Graham misses mandatory minicampPosted: Thursday July 11, 2002 6:49 PM
Updated: Thursday July 11, 2002 6:58 PM
Mitch Frankel, Graham's agent, called Falcons coach Dan Reeves to explain the absence. Earlier in the day, Reeves, who took the entire team bowling Thursday morning, was upset that Graham had not made contact with the Falcons.
Graham, an 11-year veteran, signed a one-year, $750,000 deal with the Falcons on April 26. A month later, his name was listed along with 11 others in a federal search warrant in his hometown of Dayton, Ohio.
The search warrant was in connection with the largest cocaine bust in Dayton history. He has not been charged with a crime.
Last October, FBI and IRS agents arrested Graham's sister, Carolyn Graham, following an April 6, 2001 seizure of more than 100 pounds of pure cocaine. Carolyn Graham and gang leader Joe Lee "The Boss" Wright both face life imprisonment and a $4 million fine if convicted.
Two days after the search warrant was unsealed, Kenneth Lawson, Graham's lawyer, held a news conference outside Graham's home. Lawson claimed the player was being punished for earlier filing a lawsuit against the Montgomery County sheriff's office for false arrest.
One month after a one-car accident killed his father, Walter Graham Sr., in Dayton on Dec. 20, the receiver was arrested for having a concealed weapon while sitting in his driveway at 5:20 a.m. on Jan. 19. Graham was taken to jail, but released after several hours.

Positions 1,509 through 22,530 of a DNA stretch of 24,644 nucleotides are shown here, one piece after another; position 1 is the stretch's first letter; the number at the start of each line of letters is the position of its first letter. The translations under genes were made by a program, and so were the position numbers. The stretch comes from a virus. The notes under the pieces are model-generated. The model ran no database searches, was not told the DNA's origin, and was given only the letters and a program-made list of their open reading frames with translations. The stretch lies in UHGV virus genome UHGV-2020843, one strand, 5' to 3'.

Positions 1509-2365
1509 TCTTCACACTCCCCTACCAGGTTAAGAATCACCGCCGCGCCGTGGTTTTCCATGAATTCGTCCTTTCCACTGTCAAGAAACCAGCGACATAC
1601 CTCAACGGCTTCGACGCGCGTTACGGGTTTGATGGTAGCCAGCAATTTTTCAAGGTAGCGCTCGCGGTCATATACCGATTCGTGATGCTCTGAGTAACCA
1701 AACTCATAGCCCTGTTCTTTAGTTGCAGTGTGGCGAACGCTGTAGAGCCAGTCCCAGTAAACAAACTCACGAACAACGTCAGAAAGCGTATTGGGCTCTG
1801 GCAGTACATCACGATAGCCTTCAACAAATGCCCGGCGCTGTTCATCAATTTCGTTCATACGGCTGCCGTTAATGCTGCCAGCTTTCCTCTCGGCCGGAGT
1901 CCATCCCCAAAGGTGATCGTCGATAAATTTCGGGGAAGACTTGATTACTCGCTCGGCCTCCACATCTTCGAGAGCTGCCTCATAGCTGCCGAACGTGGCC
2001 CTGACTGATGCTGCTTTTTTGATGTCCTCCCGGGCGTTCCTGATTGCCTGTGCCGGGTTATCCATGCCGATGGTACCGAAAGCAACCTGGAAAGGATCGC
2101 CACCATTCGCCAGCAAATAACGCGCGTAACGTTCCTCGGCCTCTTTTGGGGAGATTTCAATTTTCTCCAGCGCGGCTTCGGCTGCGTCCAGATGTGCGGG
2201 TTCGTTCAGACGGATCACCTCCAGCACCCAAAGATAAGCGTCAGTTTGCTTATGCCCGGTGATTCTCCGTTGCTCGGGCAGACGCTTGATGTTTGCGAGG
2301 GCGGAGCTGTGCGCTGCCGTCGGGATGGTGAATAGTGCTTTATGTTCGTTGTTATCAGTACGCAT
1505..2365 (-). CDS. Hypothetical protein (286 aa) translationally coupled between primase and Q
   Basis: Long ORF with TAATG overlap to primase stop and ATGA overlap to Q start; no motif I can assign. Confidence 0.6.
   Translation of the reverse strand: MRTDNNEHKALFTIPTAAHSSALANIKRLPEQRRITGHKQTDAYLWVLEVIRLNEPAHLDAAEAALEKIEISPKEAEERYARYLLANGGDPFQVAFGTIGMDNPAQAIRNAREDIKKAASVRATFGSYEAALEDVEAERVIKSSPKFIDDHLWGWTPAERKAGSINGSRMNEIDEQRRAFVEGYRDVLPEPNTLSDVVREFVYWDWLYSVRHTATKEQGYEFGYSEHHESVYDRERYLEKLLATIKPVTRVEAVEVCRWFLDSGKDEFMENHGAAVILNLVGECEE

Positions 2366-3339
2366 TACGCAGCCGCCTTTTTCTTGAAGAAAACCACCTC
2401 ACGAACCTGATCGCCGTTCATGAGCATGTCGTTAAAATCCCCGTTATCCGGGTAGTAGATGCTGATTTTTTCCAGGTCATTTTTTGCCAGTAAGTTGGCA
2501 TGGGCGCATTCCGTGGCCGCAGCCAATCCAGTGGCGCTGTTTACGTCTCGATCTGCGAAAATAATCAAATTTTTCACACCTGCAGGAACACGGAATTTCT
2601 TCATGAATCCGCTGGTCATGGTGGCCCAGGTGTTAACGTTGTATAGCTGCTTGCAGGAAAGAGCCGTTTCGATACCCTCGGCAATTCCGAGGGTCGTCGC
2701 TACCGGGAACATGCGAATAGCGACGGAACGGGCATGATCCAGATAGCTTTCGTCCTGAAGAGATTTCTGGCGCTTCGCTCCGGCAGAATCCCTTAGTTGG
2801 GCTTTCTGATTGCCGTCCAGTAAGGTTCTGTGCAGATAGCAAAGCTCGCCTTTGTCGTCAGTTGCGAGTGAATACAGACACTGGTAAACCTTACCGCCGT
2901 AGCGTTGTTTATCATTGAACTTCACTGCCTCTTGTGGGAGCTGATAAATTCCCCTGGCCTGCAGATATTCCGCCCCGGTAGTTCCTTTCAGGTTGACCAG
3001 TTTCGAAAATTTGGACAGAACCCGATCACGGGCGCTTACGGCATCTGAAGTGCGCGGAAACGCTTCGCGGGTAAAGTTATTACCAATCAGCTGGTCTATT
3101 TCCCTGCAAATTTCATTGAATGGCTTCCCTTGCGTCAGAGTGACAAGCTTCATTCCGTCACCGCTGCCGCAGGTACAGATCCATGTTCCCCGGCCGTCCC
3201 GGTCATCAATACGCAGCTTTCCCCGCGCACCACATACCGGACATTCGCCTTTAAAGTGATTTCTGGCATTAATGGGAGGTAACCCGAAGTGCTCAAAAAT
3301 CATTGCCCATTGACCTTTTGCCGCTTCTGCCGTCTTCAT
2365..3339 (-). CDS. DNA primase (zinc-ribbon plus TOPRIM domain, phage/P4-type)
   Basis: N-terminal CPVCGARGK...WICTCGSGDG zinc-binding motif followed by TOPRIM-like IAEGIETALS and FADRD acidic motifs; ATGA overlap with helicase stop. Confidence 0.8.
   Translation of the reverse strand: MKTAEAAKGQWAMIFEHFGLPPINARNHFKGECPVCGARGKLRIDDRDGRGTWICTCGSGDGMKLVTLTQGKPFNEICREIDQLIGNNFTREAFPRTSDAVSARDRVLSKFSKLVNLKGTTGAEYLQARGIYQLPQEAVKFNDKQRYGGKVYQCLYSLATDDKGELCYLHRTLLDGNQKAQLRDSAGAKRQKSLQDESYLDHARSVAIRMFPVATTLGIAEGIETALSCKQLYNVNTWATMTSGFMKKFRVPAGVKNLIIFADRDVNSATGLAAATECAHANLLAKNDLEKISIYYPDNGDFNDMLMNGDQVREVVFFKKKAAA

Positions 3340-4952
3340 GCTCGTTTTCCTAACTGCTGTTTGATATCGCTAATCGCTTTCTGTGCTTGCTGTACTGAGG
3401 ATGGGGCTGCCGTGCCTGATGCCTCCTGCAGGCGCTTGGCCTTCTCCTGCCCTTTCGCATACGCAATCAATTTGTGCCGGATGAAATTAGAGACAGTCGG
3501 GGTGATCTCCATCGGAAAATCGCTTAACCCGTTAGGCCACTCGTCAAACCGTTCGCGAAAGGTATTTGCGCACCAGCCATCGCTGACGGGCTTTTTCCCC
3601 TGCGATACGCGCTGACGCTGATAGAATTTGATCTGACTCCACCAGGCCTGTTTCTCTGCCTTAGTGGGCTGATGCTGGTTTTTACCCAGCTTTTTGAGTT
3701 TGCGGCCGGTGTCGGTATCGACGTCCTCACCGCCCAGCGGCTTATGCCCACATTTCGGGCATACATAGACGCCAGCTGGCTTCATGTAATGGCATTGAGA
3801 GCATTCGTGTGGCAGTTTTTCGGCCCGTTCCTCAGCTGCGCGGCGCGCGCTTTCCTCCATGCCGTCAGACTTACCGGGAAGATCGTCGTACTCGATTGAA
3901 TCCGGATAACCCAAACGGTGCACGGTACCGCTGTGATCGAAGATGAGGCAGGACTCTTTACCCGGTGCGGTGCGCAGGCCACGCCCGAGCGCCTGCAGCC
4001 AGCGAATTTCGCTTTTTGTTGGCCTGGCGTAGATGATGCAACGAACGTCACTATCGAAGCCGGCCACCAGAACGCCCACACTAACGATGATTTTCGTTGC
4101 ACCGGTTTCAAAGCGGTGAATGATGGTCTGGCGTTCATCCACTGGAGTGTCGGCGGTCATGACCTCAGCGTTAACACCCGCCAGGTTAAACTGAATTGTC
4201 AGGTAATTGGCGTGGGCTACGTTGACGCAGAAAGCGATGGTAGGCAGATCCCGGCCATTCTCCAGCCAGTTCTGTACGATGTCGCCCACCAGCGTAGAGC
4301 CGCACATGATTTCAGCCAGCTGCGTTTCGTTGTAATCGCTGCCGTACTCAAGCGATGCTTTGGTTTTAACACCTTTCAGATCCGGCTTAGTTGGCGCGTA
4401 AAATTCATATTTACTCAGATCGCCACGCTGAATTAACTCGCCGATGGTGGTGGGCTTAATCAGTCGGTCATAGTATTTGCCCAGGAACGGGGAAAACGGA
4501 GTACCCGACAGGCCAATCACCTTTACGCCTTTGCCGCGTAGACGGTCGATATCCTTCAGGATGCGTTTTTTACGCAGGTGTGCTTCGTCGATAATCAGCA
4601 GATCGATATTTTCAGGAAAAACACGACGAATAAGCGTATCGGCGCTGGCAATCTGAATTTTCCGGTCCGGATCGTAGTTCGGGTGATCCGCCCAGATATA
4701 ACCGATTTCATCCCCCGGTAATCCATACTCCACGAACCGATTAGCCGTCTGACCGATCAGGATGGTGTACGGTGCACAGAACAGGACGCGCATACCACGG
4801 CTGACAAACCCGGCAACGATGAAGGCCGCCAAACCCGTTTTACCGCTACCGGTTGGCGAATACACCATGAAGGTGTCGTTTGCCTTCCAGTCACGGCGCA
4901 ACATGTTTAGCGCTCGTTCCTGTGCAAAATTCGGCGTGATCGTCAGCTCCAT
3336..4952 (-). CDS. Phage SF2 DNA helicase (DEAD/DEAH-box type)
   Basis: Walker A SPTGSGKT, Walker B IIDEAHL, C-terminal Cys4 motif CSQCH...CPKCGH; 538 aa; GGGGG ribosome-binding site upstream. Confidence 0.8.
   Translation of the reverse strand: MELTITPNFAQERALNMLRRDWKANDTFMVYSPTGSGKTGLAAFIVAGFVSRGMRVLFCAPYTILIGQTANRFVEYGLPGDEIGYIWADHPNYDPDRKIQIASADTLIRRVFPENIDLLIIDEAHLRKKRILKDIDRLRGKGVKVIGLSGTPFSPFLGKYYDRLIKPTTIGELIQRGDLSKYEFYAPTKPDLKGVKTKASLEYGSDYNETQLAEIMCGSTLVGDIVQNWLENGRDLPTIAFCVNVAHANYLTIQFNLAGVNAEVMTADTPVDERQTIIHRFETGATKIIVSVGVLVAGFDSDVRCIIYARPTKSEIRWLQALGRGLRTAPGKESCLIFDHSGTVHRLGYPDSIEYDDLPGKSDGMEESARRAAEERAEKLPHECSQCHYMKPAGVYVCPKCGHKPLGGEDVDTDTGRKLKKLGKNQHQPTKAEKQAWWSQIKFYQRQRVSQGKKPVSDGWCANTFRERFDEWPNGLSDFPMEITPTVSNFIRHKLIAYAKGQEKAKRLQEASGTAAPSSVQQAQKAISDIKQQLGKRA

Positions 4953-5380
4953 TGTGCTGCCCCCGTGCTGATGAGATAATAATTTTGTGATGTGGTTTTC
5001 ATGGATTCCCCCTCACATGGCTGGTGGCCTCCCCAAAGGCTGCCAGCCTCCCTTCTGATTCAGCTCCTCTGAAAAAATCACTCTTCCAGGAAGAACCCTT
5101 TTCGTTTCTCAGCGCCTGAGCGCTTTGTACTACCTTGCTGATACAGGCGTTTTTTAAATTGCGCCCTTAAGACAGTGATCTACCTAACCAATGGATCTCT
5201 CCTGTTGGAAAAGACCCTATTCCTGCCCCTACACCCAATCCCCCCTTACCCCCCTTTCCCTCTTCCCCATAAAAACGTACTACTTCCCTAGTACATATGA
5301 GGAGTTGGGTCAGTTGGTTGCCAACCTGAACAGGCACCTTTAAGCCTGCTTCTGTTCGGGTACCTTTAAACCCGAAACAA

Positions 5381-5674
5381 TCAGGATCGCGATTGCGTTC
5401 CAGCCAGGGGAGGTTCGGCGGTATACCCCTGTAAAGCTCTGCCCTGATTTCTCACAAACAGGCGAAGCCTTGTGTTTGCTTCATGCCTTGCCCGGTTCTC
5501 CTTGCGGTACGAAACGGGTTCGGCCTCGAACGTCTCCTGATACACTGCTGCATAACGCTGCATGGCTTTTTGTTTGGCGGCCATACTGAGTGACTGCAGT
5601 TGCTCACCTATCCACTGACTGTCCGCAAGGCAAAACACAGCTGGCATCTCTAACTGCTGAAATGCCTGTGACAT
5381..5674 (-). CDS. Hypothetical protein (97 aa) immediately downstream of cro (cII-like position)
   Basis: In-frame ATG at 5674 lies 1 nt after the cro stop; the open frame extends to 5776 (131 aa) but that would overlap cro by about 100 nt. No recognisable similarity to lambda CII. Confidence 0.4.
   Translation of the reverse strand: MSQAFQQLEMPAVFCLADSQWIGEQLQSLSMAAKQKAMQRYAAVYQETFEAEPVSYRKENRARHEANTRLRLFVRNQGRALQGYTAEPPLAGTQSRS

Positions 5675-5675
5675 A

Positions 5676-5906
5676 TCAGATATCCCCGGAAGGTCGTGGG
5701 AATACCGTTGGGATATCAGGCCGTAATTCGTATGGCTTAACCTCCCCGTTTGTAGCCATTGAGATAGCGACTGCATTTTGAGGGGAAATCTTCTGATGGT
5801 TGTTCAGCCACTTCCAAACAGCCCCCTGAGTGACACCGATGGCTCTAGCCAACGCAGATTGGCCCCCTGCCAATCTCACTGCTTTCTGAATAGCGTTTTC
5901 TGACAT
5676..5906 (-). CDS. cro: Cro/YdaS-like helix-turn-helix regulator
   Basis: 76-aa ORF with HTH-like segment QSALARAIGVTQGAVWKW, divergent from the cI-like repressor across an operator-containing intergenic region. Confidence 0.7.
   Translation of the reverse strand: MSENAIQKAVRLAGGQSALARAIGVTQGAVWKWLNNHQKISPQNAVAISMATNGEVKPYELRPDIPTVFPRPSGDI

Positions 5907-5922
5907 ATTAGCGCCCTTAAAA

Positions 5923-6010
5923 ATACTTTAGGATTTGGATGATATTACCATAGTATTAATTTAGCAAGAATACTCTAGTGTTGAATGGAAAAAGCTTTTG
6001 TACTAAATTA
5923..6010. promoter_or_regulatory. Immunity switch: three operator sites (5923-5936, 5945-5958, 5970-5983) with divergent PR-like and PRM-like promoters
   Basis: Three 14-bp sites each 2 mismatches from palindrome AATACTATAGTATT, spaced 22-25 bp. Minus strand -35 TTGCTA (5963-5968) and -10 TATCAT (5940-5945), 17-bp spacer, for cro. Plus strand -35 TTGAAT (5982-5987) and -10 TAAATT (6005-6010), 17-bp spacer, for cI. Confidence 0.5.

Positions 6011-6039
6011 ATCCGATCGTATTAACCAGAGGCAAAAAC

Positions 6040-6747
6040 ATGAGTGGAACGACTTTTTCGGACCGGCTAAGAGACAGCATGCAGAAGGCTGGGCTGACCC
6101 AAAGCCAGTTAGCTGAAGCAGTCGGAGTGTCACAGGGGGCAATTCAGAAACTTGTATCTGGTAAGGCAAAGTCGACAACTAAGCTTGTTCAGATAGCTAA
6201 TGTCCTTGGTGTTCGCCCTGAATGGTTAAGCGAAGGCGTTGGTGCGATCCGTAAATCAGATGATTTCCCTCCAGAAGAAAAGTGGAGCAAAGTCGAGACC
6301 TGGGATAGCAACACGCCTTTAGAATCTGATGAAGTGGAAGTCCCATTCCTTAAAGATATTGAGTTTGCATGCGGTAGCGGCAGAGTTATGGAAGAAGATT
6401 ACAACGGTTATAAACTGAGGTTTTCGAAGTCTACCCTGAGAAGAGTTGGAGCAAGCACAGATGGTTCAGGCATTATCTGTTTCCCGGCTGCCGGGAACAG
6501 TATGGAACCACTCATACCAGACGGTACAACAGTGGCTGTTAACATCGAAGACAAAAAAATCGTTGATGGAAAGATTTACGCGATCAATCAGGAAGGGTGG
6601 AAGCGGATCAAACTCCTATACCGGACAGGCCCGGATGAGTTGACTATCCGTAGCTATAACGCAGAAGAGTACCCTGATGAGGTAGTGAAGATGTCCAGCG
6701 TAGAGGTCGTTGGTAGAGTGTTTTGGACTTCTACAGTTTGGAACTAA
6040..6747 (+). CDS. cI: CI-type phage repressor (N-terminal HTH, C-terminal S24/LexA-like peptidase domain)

Later that day, the sheriff's office issued a statement saying Graham had been charged, when in fact he had not.
Lawson responded by filing a federal lawsuit April 8 against Sheriff Dave Vore and four other people, claiming his client was the victim of racial profiling. Lawson said the gun was registered in Walter Graham's name.
"They didn't seek a search warrant in October," Lawson told the Dayton Daily News. "They didn't seek it in November, December, January, February or March. They only did this on May 1, a few weeks after we filed the racial profiling suit. So the question that needs to be asked: 'Why was it timed like that?'"
Lawson refused to discuss Graham's legal issues or his whereabouts when contacted Thursday by the Associated Press.
"I can't comment on any of it," Lawson said. "Period."
IRS special agent Ross Brown, a public information officer working on the cocaine case, did not immediately return a phone call placed to his Cincinnati office Thursday.
The San Diego Chargers, Graham's team for the last three years, released him Feb. 27.